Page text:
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Formula triangles: do you use them?

Discussion in 'Science' started by msuxg, Jun 30, 2015.

  1. msuxg

    msuxg New commenter

    Do you use formula triangles to help your students rearrange equations in science?

    Jenny Koenig has written a blog post on why she dislikes them.
     
  2. Supertechno

    Supertechno New commenter

    As both a parent and a former teacher, I hate them with a passion. I used to tell my pupils that they are circus tricks for weak maths teachers. I'd like to see them use triangles to rearrange the kinetic energy equation to solve for 'v'!

    One of the jobs of the maths department is to teach the pupils the skills that they need for science, especially physics. It does not take long to teach pupils how to rearrange equations: I used to do it in physics lessons to compensate for the triangles rubbish they were taught in maths. It might take two to three lessons, but by then all but the very weakest pupils could do it.

    As a parent, I wanted my son taught how to rearrange equations, not poxy triangles. I ended up doing it myself and, again, it wasn't difficult.

    At a push, I would possibly use them with the very weakest pupils. However, my caveat was that I always told them that using triangles was their choice: I never used them.

    Also, the last time I looked at exam papers the equations were given in linear form, with a divide symbol if necessary. The pupils have to rearrange the equation from the form in which it is given in order to put it into the triangle form anyway.

    Get maths teachers to teach algebra properly. After all, the pupils will definitely need that skill to rearrange the kinetic energy equation to solve for 'v', as I mentioned above. And they should know how to do it, as life skill.
     
  3. Ssn77

    Ssn77 New commenter

    I used formula triangles when I started teaching after pupils introduced them to me, and told me they relied on them. Having seen them in use, I too hate them with a passion and ban my pupils from using them. Pupils now learn the equations and gain confidence in rearranging equations because they have to. I also encourage them to use units to help them with unfamiliar or tricky problems.
     
  4. blazer

    blazer Star commenter

    I will show them as an extra tool for handling some equations but they are just another thing to remember so I doubt they help much. I was asked for help during registration by one of my year 10s struggling with her maths revision. She was trying to solve equations (work out the value of x). After 10 minutes of sitting with her she could do them herself however the method she had been taught made absolutely no sense to me even though it did produce the right answer eventually.
     
  5. ScienceGuy

    ScienceGuy Established commenter

    I use them with low ability students who struggle with the mathematical concepts. In the past, when no formula sheet was available, I used them more as they were a simple way of not only remembering the formula but automatically helped them rearrange it.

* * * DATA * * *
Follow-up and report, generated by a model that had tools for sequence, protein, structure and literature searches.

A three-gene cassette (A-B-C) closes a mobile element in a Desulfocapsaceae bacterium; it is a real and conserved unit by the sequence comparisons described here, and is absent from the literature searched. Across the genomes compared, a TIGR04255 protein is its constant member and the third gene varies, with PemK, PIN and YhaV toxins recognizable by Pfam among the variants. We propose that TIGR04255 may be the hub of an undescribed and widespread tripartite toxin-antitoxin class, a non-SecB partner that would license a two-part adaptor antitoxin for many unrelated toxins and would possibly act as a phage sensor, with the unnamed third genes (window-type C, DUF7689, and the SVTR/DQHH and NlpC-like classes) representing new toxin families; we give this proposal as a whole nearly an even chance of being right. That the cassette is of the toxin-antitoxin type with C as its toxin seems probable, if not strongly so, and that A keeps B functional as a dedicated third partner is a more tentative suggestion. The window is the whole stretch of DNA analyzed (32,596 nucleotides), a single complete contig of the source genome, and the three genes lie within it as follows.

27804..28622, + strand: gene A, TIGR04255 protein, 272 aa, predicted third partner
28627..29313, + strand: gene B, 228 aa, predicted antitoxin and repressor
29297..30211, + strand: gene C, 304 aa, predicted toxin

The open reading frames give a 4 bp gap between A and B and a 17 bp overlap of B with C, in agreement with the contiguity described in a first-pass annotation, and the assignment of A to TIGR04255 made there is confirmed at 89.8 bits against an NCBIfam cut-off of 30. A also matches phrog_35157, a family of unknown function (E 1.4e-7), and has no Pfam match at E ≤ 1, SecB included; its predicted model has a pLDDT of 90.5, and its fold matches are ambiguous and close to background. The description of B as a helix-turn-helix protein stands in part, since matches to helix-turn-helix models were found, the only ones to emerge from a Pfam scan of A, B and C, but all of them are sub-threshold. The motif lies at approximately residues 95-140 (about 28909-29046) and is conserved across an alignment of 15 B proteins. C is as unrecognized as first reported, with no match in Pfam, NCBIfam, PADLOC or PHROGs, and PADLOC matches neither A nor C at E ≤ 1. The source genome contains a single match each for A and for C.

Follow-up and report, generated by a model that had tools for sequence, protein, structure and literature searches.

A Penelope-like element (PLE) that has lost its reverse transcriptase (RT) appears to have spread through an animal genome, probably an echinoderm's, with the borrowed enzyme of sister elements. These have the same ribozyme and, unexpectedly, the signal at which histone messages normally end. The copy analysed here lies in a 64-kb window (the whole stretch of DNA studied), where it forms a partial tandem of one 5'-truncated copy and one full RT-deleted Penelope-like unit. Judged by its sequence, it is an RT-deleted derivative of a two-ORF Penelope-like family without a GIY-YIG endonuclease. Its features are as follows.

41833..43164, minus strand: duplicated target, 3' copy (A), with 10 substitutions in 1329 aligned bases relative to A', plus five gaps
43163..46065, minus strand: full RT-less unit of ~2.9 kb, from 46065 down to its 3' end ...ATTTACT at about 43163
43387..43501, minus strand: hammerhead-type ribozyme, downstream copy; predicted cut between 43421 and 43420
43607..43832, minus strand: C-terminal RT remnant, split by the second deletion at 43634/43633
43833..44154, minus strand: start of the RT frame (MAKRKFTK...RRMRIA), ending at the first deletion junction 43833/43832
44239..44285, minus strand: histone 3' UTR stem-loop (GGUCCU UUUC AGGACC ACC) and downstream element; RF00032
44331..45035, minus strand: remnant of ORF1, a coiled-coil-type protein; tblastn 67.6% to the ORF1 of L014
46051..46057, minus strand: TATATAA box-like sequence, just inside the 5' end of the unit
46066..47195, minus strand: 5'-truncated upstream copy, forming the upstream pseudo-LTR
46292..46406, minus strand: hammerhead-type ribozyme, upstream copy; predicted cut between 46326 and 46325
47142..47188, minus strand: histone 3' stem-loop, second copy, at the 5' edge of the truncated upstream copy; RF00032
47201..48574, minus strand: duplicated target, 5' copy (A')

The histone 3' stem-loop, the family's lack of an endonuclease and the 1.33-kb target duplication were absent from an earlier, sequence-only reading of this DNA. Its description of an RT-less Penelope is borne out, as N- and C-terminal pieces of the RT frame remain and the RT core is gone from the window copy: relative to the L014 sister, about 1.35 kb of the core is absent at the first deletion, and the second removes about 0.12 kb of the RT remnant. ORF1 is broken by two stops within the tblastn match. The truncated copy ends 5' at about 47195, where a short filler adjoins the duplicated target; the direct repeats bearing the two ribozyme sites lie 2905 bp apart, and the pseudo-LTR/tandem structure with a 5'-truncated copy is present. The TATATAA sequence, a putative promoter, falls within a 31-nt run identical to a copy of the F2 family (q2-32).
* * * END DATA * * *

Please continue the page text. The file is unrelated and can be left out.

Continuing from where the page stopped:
6. PaulDG

    PaulDG Occasional commenter

    Hate them and, as a maths teacher, I've always thought "I wish the Science department didn't teach these!"

    But to see you're blaming us...?

    Hmm. Someone, somewhere is teaching these as a short cut to gaining that next sub-level that will make the performance data look good.

    Yet another thing we have to thank Ofsted for, I guess...
     
  7. PaulDG

    PaulDG Occasional commenter

    This is the problem, isn't it?

    That you're trying to teach them science the system hasn't given them the tools to access.
     
  8. blazer

    blazer Star commenter

    If they don't understand algebra then they probably won't be able to use the triangles anyway.
     
  9. BelleDuJour

    BelleDuJour Star commenter

    I use them. They work.

    Bright students don't need them. Weak students find them simple.

    I teach science and I leave the maths dept to teach the maths.

    Really cannot see any issues using them.....just a simple tool that works.
     
  10. wanet

    wanet Star commenter

    There is always one!
     
  11. blazer

    blazer Star commenter

    Believe me Belle is worth 2!
     
  12. steve_cooke

    steve_cooke New commenter

    It's difficult isn't it? You get used to finding kids who have no idea how to rearrange and therefore wonder why you are doing the maths department's job for them. In such circumstances it is no wonder science teachers opt for triangles.

    However, when you challenge the maths department on rearranging they'll show you all these difficult equations being solved without a hint of a triangle. My suspicion is that the numbers habitually used in maths textbooks are so easy (eg x=2) that many of the kids may well be giving lip service to rearranging, but have worked out that it is actually more economical to be running trial and error calculations to find a small integer that will fit the equation. Those same kids get into Science where small integer answers are the exception, and give up before even really trying.